Coast Guard offloads $338 million worth of seized cocaine in San Diego
SAN DIEGO - Two months. Eight stops. About 20,000 pounds of smuggled cocaine, worth roughly $338 million.
On Monday, a U.S. Coast Guard cutter crew docked in San Diego and offloaded the hefty hauls that cutter crews intercepted from boats in the eastern Pacific Ocean carrying bundles of the illegal drug.
Coast Guard officials said that in eight different incidents between mid-November and mid-January, four of its cutter crews stopped and boarded eight boats in known drug routes at sea and seized nearly 20,000 pounds of cocaine. The incidents occurred off the west coasts of Mexico, Central and South America.
The work was in support of Campaign Martillo, which the Coast Guard said in a news release announcing the hauls is a regional initiative that targets trafficking "that threatens security and prosperity at the national, regional and international levels."
_The San Diego Union-Tribune
More high school students than ever are coming out, but their despair remains acute
PHILADELPHIA - The proportion of high school students who identify as a sexual minority - lesbian, gay, bisexual or questioning - doubled in the past several years, according to a new study published Monday.
Yet those greater numbers have not necessarily meant they have found greater acceptance or peace. The study, based on data from a federal survey, found that those teens attempted suicide at a rate nearly four times higher than their heterosexual peers.
The research, published in the journal Pediatrics, was based on data from the Youth Risk Behavioral Surveillance Survey from 2009 to 2017. The findings were based on survey information from Delaware, Illinois, Massachusetts, Maine, North Dakota, and Rhode Island, the only six states that continuously collected sexual orientation data for all those years.
These new findings, particularly the disproportionate rate of suicide attempts, dramatically point out the need for increased efforts to assist and support these young people, according to the researchers.
"Large disparities in suicide attempts persisted even as the% of students identifying as LGBQ increased. In 2017, more than 20% of LGBQ teens reported attempting suicide in the past year," said lead study author Julia Raifman, an assistant professor with Boston University's School of Public Health.
"It's critical that health and educational institutions have policies and programs in place to protect and improve LGBQ health, such as medical school curricula and high school health curricula that are inclusive of sexual minority health," Raifman said.
According to the study, 14.3% of U.S. teens identified as a sexual minority in 2017, compared with 7.3% in 2009. Adolescent girls in 2017 were twice as likely as boys to identify as a sexual minority.
The research also found that many more high schoolers are engaging in or at least experimenting with same-sex sexual contact. Their numbers increased from 7.7% of teens in 2009 to a little over 13% in 2017.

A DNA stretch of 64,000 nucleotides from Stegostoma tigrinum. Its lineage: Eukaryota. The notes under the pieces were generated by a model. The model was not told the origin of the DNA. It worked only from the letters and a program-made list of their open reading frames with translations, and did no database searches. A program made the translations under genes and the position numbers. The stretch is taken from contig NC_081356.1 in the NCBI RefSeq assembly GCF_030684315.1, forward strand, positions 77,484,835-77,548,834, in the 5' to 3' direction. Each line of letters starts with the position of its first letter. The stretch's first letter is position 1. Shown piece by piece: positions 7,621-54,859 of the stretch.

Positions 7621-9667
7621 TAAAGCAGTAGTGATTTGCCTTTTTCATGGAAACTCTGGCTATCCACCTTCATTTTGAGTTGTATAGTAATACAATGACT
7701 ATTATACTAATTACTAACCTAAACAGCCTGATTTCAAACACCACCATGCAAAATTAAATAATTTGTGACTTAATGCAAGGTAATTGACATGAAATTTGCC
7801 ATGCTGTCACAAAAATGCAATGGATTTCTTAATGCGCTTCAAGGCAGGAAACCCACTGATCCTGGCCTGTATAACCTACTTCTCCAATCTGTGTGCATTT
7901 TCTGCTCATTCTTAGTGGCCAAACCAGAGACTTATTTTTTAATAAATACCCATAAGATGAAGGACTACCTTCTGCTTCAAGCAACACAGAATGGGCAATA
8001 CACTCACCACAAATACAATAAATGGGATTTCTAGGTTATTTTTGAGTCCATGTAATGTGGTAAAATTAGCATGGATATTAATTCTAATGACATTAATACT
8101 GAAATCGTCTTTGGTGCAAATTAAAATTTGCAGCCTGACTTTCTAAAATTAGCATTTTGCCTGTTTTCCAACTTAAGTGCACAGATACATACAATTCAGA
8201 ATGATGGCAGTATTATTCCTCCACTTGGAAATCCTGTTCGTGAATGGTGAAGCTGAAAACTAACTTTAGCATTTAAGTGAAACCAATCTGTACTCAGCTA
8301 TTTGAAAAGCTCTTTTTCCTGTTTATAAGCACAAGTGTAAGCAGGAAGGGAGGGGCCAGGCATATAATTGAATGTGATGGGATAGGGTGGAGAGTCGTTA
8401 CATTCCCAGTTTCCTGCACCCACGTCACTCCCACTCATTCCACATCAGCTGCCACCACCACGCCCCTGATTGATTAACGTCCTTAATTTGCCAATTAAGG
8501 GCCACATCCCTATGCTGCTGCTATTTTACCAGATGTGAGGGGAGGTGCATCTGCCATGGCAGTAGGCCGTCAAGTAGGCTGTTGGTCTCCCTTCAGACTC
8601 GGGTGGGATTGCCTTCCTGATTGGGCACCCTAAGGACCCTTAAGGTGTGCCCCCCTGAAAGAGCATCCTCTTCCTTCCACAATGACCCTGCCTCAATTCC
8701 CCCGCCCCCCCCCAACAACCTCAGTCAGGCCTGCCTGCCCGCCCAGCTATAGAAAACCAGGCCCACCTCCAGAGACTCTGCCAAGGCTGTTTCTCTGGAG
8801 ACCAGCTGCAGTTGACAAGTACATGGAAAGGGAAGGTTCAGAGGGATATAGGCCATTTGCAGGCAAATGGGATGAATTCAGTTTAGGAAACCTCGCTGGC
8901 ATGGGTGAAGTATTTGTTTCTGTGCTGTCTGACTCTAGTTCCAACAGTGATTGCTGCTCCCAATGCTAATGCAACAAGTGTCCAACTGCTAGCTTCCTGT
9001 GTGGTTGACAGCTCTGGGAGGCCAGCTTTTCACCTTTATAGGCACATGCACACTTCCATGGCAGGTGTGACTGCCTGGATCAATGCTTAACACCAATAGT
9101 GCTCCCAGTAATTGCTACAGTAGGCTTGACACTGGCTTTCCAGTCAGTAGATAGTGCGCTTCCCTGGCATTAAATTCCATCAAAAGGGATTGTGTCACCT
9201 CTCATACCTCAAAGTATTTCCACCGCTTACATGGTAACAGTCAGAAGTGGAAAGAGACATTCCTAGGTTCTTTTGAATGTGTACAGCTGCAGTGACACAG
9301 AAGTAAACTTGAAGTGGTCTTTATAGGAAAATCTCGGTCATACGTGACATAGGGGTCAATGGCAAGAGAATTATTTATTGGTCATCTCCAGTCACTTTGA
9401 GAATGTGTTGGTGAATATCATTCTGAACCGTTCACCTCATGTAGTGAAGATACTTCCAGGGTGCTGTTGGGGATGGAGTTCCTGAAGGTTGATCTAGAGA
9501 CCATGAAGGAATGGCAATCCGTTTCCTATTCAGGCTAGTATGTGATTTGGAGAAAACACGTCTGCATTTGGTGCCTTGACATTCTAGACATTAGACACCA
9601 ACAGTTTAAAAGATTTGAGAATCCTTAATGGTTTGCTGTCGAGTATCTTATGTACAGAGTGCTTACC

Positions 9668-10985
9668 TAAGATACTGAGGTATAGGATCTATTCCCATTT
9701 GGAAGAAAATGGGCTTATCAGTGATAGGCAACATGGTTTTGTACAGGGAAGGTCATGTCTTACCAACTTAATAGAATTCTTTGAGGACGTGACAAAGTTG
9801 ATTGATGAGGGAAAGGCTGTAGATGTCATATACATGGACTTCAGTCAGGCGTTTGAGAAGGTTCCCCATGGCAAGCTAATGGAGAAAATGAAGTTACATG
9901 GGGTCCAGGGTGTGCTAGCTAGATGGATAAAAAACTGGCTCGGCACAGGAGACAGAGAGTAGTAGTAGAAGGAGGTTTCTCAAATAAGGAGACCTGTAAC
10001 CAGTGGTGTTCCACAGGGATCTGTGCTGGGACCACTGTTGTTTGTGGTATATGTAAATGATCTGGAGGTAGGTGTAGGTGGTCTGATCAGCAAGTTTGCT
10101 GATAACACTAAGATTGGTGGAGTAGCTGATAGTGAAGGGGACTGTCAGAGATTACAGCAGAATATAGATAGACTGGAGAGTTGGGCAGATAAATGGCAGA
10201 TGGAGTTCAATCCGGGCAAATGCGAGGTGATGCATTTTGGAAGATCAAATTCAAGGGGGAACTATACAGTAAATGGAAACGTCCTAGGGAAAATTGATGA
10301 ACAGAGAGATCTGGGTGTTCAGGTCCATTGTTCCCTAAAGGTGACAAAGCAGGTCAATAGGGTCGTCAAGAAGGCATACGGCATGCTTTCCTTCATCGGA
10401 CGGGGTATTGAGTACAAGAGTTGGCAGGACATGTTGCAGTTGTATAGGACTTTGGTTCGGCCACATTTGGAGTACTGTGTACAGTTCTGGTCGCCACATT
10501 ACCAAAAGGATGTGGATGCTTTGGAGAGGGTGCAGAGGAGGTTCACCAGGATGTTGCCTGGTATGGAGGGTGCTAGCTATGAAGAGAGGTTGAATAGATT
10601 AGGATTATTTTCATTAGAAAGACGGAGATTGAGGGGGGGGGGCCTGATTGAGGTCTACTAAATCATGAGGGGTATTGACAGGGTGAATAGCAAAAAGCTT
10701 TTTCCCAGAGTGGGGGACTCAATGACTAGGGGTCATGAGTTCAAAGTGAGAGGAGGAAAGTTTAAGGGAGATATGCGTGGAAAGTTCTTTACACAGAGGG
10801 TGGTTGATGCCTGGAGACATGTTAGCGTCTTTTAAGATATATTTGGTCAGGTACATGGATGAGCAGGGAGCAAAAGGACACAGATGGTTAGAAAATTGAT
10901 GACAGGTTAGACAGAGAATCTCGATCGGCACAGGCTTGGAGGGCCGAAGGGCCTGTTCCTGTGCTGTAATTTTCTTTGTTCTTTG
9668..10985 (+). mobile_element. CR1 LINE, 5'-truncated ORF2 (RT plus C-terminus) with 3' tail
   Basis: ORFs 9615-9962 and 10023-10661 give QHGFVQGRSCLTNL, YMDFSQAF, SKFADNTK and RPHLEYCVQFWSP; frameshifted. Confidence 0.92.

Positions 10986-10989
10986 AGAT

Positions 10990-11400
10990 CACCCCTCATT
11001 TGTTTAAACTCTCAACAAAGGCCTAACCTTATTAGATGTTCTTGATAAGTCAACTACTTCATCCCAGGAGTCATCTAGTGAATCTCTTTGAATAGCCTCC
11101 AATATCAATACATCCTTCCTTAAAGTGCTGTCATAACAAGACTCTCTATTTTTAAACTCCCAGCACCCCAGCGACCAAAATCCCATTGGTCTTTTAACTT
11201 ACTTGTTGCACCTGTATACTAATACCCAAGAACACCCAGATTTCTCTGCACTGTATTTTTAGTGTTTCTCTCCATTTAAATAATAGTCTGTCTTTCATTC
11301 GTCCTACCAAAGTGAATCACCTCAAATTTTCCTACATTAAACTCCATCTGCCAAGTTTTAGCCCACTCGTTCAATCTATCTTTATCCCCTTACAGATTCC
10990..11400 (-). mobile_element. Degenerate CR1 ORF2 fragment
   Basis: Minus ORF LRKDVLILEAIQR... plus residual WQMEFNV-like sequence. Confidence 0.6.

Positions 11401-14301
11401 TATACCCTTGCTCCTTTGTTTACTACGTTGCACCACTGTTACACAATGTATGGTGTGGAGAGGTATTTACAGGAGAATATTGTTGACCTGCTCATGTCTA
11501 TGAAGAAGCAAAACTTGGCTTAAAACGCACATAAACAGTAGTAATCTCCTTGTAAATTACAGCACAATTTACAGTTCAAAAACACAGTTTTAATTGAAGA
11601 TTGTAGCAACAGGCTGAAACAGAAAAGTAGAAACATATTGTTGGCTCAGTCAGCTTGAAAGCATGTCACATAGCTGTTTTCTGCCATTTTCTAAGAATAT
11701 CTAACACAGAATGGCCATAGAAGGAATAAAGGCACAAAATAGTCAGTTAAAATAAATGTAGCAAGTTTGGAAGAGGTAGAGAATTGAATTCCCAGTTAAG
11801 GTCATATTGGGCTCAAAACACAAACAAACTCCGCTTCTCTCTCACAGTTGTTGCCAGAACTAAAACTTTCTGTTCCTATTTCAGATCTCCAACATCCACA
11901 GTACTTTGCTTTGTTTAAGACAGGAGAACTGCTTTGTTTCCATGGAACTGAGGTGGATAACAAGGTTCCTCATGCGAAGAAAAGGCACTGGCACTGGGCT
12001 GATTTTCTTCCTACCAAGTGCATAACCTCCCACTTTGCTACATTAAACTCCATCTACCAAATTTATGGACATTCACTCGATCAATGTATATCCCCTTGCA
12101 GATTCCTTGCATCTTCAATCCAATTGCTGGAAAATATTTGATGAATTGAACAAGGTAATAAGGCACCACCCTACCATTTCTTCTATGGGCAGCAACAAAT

The sexual contact numbers were based on data from Delaware, Connecticut, Illinois and Rhode Island, the four states that continuously collected that information from 2009 to 2017.
_The Philadelphia Inquirer
Record-breaking gust of wind looks like a mistake, forecasters say
LOS ANGELES - A potential record-breaking gust of 209 mph recorded atop a California peak is looking more unlikely after further study, National Weather Service forecasters said Monday.
The blast of wind from a cold storm moving south across the state was captured around 7:45 a.m. Sunday by an instrument at 9,186 feet atop Kirkwood Mountain, south of Lake Tahoe. If accurate, the wind would have shattered the record wind speed for the state of 199 mph set in 2017.
But forecasters now suspect the sensor wasn't working properly, said Cory Mueller, a meteorologist with the National Weather Service in Sacramento.
"It doesn't seem realistic after looking at the wind sensor," he said. "It was reporting high winds when we were seeing lighter winds and higher humidity than we were actually experiencing. We believe the sensor wasn't working correctly."
The second-highest wind gust Sunday - clocking in at 125 mph - occurred at Alpine Summit at an elevation of 8,483 feet. Mueller said this reading appears to be accurate.
While perhaps not record-breaking, winds across much of the state were significant over the weekend. A window on the 41st floor of San Francisco's leaning Millennium Tower shattered Sunday amid strong winds, according to SFist. Strong overnight winds also toppled a tree, which landed on power lines in Altadena. On Monday, gusts knocked over a big rig on the 15 Freeway in Fontana.
Breezes from the chilly winter storm, which picked up much of its moisture from the Pacific Ocean as it moved toward Southern California over the weekend, are expected to linger until Tuesday morning.
_Los Angeles Times